Impeachment: five Republicans join vote for witnesses in Trump Senate trial

Five Senate Republicans voted with the Democrats on Saturday, that the Senate should call witnesses in the impeachment trial of Donald Trump.

The surprise vote, which was likely to stall a trial which had been expected to end in acquittal on Saturday, came after a Republican from Washington state, who was one of 10 GOP House members to vote to impeach Trump, urged people with knowledge of conversations Trump had during the Capitol riot on 6 January to come forward.

In a statement, representative Jaime Herrera Beutler said House minority leader Kevin McCarthy told her he spoke with Trump as rioters were storming the Capitol. She said McCarthy asked Trump to publicly “call off the riot” and told Trump the violent mob were Trump supporters, not far-left activists.

In a statement released via Twitter, Herrera Beutler said: “That’s when, according to McCarthy, the president said: ‘Well, Kevin, I guess these people are more upset about the election than you are.’”

On Saturday, lead House impeachment manager Jamie Raskin said his team were requesting that Herrera Beutler be called as a witness.

Prior to the 55-45 vote, Trump impeachment lawyer Michael van der Veen warned senators that if Democrats wished to call a witness, he would ask for at least 100 witnesses and insist they give depositions in person in his office in Philadelphia – a threat that prompted laughter from the chamber.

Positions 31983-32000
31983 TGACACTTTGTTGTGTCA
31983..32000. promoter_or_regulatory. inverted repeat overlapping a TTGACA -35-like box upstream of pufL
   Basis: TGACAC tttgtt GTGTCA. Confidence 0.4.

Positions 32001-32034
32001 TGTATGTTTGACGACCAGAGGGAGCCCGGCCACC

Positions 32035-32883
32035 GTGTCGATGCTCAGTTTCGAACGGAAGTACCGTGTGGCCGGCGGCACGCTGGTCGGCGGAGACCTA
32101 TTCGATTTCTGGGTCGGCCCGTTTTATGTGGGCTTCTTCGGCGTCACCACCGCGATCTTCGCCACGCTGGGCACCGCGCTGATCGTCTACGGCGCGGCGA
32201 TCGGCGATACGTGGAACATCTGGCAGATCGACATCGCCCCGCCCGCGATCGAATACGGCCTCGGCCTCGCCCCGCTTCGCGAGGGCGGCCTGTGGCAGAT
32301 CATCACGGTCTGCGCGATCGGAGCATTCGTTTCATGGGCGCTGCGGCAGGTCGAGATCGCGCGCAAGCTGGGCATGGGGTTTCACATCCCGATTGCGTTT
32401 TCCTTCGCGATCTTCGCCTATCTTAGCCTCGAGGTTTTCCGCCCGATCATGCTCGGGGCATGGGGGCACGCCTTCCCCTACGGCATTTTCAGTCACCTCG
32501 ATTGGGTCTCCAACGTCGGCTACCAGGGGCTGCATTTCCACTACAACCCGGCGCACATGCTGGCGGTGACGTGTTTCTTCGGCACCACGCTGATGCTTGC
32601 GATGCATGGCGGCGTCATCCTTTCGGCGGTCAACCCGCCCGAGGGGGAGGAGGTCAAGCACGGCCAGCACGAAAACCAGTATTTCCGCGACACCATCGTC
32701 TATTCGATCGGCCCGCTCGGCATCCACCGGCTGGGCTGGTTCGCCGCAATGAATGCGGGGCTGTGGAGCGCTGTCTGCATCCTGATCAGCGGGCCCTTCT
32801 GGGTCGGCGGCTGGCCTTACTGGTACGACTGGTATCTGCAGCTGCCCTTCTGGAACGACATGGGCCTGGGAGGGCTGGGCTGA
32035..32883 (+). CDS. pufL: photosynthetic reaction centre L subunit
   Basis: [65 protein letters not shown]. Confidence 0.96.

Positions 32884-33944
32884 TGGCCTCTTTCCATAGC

“There’s nothing laughable here,” the visibly angered attorney said.

In the event, Susan Collins, Lisa Murkowski, Mitt Romney and Ben Sasse voted with Democrats in the first roll call. Lindsay Graham, a close Trump ally, changed his vote from no to yes after it was clear the motion would pass.

There was confusion over whether one witness – Herrera Beutler – would be called, or whether Trump’s lawyers would call witnesses too.

On Friday Trump’s defense team denied he incited the deadly riot and said his encouragement of followers to “fight like hell” at a rally that preceded it was routine political speech.

House managers say Trump was the “inciter in chief” who spread election falsehoods, then encouraged supporters to come challenge the results.

Herrera Buetler, who represents Washington’s third congressional district in the south-western part of the state, said she has relayed parts of her conversation with McCarthy before to constituents and local media. She then called on people with knowledge of Trump’s conversation with McCarthy to speak out.

“And to the patriots who were standing next to the former president as these conversations were happening, or even to the former vice-president: if you have something to add here, now would be the time,” she said.